Codes of Practice published on Equal Pay & Sexual Harassment and Harassment at Work
Michelle McDonagh, Senior HR Client Relationship Consultant,Adare Human Resource Management
The Irish Human Rights and Equality Commission (IHREC) recently published two new Codes of Practice on Equal Pay and Sexual Harassment & Harassment at Work. The Codes of Practice provide guidance for employers, trade unions and employees to ensure equal pay is given for like work as well as protecting employees from sexual harassment and harassment in the workplace.
The provisions laid out in both codes are admissible in evidence in proceedings before the Courts, the Workplace Relations Commission and the Labour Court.
Code of Practice on Equal Pay
The Code aims to provide guidance to employers and employees as well as representative groups on:
· The right to equal pay for like work
· Identifying and eliminating pay inequality
· Resolution of pay disputes
Irish equality law sets out nine protected grounds on the basis of which a person cannot be discriminated against, which are gender, marital status, family status, age, disability, sexual orientation, race, religion and membership of the Traveller community.
To establish a claim for equal pay under the legislation, an employee must show that they are performing “like work” with that of a chosen comparator, that they are receiving less pay for that work than their comparator and the reason for this is based on one or more of the nine grounds mentioned above. The Code outlines the various elements to be considered when assessing comparators.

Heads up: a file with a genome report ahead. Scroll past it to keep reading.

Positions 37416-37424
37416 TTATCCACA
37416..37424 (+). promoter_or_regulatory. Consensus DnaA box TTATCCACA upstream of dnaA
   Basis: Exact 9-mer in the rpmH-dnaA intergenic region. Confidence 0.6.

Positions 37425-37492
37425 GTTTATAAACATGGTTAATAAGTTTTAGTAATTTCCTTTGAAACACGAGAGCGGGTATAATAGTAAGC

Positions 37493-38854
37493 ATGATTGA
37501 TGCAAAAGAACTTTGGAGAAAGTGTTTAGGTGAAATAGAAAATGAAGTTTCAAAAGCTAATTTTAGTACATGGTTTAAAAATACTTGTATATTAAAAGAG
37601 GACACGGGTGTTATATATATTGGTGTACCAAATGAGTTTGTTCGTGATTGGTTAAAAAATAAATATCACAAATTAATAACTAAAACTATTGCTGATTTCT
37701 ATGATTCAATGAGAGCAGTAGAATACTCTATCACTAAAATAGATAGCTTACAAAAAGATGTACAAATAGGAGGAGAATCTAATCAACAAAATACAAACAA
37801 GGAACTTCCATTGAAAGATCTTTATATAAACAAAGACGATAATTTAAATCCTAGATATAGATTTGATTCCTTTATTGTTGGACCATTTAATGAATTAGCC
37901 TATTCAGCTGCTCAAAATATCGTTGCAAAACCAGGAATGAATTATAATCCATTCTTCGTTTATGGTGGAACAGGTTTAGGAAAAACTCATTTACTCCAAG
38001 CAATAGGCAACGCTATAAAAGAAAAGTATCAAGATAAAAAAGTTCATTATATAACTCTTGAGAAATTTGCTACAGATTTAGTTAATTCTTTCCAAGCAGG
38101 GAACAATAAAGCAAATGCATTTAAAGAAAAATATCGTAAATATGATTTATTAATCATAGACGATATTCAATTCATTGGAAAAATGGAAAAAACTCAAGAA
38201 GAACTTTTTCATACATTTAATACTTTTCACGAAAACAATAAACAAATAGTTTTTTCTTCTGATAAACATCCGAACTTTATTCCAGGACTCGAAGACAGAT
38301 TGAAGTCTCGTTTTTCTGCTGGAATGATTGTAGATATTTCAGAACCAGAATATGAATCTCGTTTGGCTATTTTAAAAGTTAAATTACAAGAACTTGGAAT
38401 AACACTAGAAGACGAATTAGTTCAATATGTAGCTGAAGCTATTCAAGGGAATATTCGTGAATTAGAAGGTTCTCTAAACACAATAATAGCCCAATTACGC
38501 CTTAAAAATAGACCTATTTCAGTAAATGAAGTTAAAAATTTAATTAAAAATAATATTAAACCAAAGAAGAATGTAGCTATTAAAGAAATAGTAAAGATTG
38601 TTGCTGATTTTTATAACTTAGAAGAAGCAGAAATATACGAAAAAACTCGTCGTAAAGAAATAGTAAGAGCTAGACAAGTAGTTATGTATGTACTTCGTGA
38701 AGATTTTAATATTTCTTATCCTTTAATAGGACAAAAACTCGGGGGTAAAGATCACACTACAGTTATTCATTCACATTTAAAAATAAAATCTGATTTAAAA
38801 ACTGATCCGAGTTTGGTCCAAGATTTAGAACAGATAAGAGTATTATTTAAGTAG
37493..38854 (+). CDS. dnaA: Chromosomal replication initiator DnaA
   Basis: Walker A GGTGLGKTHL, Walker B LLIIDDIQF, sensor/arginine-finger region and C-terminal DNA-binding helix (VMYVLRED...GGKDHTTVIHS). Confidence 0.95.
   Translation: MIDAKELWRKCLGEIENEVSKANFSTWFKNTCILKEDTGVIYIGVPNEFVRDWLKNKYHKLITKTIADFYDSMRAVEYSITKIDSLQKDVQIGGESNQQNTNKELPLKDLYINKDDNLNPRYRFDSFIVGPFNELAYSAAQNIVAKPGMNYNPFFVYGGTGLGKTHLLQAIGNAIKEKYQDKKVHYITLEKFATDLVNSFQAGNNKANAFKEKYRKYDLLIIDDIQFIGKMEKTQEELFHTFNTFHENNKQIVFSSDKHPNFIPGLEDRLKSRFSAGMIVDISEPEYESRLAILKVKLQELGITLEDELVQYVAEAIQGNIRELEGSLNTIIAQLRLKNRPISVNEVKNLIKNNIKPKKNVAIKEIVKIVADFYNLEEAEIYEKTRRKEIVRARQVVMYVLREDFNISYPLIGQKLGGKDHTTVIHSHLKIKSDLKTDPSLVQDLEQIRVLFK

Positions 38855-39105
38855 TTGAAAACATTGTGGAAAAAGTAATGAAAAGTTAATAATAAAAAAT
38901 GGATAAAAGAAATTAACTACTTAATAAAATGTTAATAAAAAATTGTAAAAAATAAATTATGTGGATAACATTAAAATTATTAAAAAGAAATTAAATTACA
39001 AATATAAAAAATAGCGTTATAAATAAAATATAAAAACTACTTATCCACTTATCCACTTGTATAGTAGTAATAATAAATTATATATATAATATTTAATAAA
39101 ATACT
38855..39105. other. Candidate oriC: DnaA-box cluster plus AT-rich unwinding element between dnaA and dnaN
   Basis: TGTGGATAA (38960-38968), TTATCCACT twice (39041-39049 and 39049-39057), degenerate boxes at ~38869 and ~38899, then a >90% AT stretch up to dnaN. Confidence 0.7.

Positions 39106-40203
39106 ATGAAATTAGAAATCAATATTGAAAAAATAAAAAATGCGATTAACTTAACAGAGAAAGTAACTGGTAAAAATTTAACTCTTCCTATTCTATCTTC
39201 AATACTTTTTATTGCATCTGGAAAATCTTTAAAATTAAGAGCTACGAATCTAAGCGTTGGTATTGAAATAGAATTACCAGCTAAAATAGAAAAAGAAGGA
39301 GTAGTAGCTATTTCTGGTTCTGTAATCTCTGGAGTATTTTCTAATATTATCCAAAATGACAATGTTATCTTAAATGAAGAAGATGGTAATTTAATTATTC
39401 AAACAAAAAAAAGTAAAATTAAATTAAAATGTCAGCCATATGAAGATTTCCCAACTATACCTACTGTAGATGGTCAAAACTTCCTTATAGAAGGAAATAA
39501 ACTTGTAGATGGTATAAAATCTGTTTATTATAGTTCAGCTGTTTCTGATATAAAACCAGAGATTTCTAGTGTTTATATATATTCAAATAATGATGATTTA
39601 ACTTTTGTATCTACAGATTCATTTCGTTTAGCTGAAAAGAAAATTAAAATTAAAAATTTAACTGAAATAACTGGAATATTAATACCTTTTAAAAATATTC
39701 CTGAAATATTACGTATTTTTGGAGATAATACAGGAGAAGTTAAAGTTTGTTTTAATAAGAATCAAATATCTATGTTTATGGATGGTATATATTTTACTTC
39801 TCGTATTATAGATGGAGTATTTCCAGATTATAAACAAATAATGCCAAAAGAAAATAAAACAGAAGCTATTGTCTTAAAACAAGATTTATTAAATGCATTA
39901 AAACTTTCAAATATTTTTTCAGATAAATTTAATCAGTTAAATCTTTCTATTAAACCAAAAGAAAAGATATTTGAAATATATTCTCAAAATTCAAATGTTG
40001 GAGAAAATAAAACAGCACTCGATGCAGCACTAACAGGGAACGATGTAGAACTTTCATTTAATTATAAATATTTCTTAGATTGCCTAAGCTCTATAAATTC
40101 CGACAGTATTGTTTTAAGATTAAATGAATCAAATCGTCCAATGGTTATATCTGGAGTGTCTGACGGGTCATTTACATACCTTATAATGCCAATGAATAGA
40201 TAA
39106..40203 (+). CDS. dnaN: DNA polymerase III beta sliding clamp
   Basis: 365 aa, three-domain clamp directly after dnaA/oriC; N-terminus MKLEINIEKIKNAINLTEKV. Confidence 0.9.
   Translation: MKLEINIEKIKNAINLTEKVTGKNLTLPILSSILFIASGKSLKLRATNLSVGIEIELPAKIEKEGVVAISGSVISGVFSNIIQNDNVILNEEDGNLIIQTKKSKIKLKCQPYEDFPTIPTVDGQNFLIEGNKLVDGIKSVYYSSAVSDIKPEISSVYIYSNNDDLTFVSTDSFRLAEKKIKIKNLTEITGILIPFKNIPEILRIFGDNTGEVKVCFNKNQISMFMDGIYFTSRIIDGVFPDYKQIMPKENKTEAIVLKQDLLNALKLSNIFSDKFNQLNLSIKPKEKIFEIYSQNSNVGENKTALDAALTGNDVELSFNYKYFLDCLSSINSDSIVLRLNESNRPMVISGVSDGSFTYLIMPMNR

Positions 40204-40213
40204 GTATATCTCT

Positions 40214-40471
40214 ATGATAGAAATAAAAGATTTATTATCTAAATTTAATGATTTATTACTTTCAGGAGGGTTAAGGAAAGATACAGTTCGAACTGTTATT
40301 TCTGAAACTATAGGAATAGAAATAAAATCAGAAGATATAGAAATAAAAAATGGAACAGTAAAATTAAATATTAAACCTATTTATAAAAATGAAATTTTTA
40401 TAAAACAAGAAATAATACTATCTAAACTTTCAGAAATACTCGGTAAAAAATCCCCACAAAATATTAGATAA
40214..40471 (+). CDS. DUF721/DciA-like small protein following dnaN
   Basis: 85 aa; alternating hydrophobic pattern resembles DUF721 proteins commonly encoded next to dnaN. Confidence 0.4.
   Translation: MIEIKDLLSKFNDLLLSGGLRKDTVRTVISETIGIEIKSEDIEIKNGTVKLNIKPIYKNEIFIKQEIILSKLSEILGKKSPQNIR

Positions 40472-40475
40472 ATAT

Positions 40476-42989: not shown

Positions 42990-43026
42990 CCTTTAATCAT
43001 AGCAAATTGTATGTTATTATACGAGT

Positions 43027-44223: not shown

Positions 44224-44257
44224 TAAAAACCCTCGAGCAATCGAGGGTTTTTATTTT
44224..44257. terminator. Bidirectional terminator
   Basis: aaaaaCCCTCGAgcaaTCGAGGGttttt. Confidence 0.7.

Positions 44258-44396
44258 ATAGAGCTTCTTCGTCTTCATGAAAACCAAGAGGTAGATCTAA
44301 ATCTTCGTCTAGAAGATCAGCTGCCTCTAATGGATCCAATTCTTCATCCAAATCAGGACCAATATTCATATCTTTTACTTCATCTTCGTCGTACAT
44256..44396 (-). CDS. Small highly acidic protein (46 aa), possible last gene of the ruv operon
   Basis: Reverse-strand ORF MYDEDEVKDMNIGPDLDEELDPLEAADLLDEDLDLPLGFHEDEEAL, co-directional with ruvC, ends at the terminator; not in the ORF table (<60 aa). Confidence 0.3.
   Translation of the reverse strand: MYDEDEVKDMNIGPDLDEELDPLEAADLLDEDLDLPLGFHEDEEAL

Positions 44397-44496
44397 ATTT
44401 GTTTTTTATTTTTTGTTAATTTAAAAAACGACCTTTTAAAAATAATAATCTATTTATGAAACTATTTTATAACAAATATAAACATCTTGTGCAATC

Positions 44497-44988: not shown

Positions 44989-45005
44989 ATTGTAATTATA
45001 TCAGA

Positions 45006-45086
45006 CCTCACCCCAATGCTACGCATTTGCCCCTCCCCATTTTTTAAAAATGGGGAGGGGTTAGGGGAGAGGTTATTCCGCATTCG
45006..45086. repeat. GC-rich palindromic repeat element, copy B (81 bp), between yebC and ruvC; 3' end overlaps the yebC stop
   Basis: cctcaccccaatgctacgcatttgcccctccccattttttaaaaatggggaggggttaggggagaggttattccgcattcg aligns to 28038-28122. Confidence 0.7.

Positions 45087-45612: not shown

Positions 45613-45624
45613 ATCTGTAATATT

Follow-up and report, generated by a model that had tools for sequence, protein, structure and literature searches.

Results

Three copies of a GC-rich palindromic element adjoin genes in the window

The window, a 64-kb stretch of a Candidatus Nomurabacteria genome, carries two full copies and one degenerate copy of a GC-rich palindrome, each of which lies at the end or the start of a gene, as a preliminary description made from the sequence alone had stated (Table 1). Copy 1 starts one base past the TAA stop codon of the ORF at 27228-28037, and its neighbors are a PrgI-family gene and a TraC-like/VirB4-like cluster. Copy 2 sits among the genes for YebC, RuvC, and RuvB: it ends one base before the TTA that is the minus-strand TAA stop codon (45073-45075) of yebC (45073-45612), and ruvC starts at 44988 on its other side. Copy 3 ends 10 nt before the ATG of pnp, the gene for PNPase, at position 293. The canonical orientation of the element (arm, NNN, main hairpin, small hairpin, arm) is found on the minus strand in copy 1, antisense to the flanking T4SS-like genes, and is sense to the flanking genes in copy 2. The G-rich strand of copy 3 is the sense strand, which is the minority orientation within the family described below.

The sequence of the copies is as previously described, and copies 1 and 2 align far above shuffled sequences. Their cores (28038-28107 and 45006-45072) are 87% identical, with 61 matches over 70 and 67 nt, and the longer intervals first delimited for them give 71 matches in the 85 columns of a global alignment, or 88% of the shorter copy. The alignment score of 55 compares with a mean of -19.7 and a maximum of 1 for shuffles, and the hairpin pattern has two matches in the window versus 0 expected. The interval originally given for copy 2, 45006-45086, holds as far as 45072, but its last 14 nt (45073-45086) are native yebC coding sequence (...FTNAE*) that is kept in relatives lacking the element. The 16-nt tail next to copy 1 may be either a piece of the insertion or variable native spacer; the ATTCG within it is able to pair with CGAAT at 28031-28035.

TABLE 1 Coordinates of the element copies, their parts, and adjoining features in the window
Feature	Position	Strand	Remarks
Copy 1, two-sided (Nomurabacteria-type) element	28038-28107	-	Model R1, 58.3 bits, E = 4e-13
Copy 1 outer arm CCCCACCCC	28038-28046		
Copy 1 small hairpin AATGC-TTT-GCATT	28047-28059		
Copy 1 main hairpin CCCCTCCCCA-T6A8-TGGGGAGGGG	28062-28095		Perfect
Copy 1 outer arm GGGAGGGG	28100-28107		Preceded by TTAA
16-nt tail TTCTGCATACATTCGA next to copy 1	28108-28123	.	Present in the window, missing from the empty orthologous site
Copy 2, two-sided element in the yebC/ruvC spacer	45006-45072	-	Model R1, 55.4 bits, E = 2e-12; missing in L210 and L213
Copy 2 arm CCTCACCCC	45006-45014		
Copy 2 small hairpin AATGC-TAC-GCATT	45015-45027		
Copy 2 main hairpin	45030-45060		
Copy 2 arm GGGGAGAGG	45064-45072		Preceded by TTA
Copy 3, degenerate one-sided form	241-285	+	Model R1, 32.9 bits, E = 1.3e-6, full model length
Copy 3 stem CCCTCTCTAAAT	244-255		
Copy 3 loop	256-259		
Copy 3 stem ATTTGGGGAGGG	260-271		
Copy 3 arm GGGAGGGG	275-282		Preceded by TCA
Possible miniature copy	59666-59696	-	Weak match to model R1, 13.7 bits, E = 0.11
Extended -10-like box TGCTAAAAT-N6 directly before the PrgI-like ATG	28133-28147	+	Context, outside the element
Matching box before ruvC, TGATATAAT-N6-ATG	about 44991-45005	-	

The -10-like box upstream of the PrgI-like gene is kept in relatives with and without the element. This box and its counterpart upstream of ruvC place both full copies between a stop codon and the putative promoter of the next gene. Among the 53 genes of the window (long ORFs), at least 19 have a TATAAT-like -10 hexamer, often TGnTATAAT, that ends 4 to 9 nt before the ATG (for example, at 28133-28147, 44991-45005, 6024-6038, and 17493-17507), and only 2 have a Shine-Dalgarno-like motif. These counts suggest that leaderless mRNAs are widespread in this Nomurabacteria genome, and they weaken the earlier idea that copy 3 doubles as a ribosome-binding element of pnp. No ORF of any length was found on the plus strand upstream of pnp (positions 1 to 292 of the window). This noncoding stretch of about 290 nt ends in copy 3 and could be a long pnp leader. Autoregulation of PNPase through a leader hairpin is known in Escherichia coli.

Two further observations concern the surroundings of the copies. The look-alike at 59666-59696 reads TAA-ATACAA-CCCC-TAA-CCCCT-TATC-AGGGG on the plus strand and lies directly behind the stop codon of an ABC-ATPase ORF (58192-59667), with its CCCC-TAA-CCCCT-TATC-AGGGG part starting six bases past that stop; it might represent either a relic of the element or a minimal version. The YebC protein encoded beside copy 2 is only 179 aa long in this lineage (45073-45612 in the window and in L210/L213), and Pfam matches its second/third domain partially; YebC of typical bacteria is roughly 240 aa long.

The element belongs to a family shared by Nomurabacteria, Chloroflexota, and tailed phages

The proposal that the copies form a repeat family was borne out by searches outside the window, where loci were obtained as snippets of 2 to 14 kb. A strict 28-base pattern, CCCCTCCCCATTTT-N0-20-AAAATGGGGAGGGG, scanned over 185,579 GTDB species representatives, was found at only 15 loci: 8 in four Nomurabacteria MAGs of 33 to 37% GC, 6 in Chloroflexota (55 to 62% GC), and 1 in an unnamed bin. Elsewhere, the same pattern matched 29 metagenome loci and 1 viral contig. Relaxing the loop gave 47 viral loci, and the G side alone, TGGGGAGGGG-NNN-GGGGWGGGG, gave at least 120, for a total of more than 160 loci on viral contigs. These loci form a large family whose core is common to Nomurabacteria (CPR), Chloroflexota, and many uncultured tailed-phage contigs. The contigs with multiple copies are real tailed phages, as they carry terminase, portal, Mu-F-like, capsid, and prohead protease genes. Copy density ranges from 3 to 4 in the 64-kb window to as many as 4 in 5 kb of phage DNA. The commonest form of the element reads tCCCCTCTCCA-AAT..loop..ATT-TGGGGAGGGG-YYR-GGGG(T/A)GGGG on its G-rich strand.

Guidance is provided in the Code to help employers identify pay inequality and includes ways to eliminate it, including how to conduct a pay review incorporating a rational and objective job evaluation model.
The Code sets out how an employee who believes that they are not being paid equal pay for their likework should firstly raise this internally before proceeding to the Workplace Relations Commission or Courts.
The Code aims to provide guidance to employers, trade unions and employees on:
· The meaning of sexual harassment and harassment in the workplace
· How it can be prevented
· Steps to ensure procedures are in place to deal with the issue and how to prevent it reoccurring.
The Code highlights that people in precarious work and new workers, including immigrant workers, are particularly vulnerable to sexual harassment and harassment. Guidance is given to support employers in addressing and resolving complaints. Advice is also provided to support the development of a comprehensive, effective and accessible policy that will minimise sexual harassment and harassment in the workplace.